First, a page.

Let's Talk Money, Honey!

Updated: May 14


"You can be as romantic as you please about love. But you mustn’t be romantic about money." - George Bernard Shaw


Are you happy with how your finances are organized? What about how you are spending, saving, and giving?


Personally, even when I only earned .50 an hour as a babysitter from my first full-time summer job when I was just 12 years old, I have always liked figuring out what I could do with the money I earned, and pondering how I could learn more about using it best. And of course, being me, I was always looking for good ways to organize my money!


My money-organizing method way back then? I stuffed all my babysitting quarters in a little brown purse that measured about 5x7 inches until it nearly burst at the seams.  (That's a lot of babysitting!)  And then, I was taken to the bank to open an account and instructed how to deposit all those quarters and use a checkbook. My financial education had truly begun, and because life evolves, and I love to learn, I've made sure my financial education has never stopped.


Fast forward many years and one thing I firmly believe is that we all need a system that works for us to keep track of our finances, and that works for the life stage we are in now. I think we also need to develop a personal philosophy of money as well so that we are spending, saving, and giving within our personal values, and those are different for everyone, of course.


How we organize and manage our personal finances and other resources below for you:


Everyone is different, and our money methods have varied over all the years we have been married, (39!), and with the advent of technology, but we always have a system. And we use our system as a "map" to live within our current means so we can save, invest, avoid as much debt as possible, and give from our hearts too while on our earthly "money journey."


My husband Steve likes spreadsheets and financial statements and sets ours up and monitors them closely. Um, scratch that. He thinks spreadsheets are "art!" I like a pencil and calculator and notebooks, so I am in charge of creatively planning our overall household and life expenditures and purchases and watching for sales etc. to stay within our spending budget. And I'm the one who hits the Amazon BUY NOW button most of the time. (Planned out, though.) And he's a master in-the-grocery-store shopper while I order some foods online, for a couple examples. (No pun intended!)


BTW, I think art is art ... as in "Picasso and Monet!" So I doodle my budget-planning on floral paper with colored pens and I think a tiny calculator from the Dollar Store is the best money tool God invented! Anyway, we always discuss our financial plans together, but my hubs actually "runs the numbers." (Those spreadsheets again! I so detest using those things, but I value them.) I'm a super fast reader and good researcher though, so I read a lot of practical financial books and articles and give my hubs oral summarized reports. He doesn't have time to do that with his structured-hours career and long commute, so he appreciates me doing that as I have more flex time, and doing so saves him time.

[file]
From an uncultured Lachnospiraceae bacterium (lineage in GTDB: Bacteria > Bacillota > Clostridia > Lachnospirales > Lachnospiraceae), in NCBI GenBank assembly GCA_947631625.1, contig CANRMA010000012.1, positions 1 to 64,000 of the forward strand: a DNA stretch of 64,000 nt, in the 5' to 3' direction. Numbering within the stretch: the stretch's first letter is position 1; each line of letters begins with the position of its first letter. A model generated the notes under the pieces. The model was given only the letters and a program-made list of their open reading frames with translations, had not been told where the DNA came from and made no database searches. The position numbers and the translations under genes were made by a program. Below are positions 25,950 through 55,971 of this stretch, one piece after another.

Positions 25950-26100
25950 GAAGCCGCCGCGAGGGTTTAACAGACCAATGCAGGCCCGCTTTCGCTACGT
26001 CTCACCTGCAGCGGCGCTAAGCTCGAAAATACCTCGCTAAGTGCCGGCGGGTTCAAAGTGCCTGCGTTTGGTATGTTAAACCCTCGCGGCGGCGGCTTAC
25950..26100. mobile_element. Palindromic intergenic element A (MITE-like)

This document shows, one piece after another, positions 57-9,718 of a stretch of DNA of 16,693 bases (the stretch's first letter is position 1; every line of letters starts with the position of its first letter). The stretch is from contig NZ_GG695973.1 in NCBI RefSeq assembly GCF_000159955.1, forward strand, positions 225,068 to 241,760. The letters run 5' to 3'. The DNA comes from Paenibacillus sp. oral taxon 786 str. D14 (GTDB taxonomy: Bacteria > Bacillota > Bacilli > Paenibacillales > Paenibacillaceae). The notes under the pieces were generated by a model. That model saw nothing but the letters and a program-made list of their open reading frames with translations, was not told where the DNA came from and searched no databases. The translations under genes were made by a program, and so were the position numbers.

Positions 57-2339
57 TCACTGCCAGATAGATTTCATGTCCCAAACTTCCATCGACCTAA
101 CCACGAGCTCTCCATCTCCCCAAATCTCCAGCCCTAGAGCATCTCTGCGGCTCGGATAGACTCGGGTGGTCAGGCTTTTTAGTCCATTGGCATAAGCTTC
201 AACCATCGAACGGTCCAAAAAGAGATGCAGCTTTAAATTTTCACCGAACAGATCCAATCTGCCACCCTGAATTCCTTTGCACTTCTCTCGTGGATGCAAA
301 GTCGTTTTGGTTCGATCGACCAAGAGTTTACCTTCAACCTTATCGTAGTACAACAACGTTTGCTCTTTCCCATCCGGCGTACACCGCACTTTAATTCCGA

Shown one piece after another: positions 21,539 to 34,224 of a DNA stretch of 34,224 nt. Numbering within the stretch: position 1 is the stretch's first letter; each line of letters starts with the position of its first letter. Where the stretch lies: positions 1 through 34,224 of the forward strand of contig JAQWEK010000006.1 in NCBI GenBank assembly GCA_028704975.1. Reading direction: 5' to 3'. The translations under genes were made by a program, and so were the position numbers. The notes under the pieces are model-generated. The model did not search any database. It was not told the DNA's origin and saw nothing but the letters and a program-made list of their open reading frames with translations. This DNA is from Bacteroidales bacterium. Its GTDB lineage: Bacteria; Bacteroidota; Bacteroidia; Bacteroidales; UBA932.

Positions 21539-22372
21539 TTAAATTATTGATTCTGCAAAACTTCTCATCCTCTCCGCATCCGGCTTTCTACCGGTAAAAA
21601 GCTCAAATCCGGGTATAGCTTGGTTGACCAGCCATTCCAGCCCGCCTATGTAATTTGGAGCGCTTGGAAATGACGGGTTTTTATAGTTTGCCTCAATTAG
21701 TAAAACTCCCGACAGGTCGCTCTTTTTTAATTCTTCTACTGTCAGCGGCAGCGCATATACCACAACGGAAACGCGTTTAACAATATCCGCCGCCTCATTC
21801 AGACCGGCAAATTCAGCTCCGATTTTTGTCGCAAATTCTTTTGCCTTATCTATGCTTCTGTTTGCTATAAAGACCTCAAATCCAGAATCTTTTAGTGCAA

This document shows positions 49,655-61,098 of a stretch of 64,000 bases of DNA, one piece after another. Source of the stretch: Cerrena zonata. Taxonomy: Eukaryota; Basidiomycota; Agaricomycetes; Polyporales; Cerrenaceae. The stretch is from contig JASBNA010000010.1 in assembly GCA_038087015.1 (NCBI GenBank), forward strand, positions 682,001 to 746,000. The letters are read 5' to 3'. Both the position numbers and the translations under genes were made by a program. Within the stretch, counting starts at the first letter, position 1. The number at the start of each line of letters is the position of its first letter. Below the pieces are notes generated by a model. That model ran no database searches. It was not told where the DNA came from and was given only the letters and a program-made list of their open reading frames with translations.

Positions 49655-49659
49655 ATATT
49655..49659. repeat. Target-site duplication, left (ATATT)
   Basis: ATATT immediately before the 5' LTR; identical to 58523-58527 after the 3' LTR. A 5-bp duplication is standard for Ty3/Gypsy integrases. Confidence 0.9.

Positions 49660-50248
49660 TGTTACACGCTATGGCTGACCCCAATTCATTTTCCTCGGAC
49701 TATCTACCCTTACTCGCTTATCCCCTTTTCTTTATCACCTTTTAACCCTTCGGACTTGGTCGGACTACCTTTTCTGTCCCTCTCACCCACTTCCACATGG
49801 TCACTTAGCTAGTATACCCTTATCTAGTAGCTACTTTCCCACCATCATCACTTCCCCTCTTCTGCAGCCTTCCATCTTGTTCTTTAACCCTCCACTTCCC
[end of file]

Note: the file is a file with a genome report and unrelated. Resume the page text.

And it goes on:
In summary, we divvy up the money "tasks" according to our personal skill strengths and work styles.


Our money management m.o. might not work for you, but surely something will so ...


These are some of my favorite resources and books for finances:


Even Jesus Needed Money by Rev. Dennis R. Maynard

My favorite money book, by far, and if I could only buy one money book, it would be this one. I personally LOVE this book because of the Christian mindset/theology behind it that ultimately "God owns it all, not us" and to work hard, live under your means, give, and plan and save ahead rather than debt. The money stories from the author's 40-some-years as a minister in churches around the U.S. made me laugh and cry. I've read this money book twice, and it really touched me like no other.  His chapter on frugality and thrift being described as sometimes close to greed sure got me thinking because apparently my tendency to be a "Dollarwise Duchess" might actually be the plain ol' self-righteous sin of greedOops!  Another sin, Lord please give me grace!  Seriously, my husband and I were blessed to meet Rev. Maynard personally when he was the minister at a church we attended in California years ago. He is a learned and highly accomplished Episcopal priest, a consultant to churches around the U.S., and he has also written several Christian fiction books read and loved by Episcopalians everywhere. (His Magnolia books.) I was blessed that he wrote a nice testimonial about my Doorways to Grace eBook. Free to download.


The Millionaire Next Door by Thomas J. Stanley

The classic book about living under your means as a way to lifestyle freedom, rather than being a slave to debt and trying to keep up with the Jones', who um, look like they aren't doing so hot anymore, by the way. I like this book as to me, it's good old fashioned common sense.


Your Money or Your Life by Vicki Robbins

I read this book years and years ago due to my preferred penchant for living simply, so I'm always reading on the topic. She has a new edition out, but personally I like the first edition more which is basically about living simply and adjusting your spending around your particular values and asking yourself continually, "How much is enough?"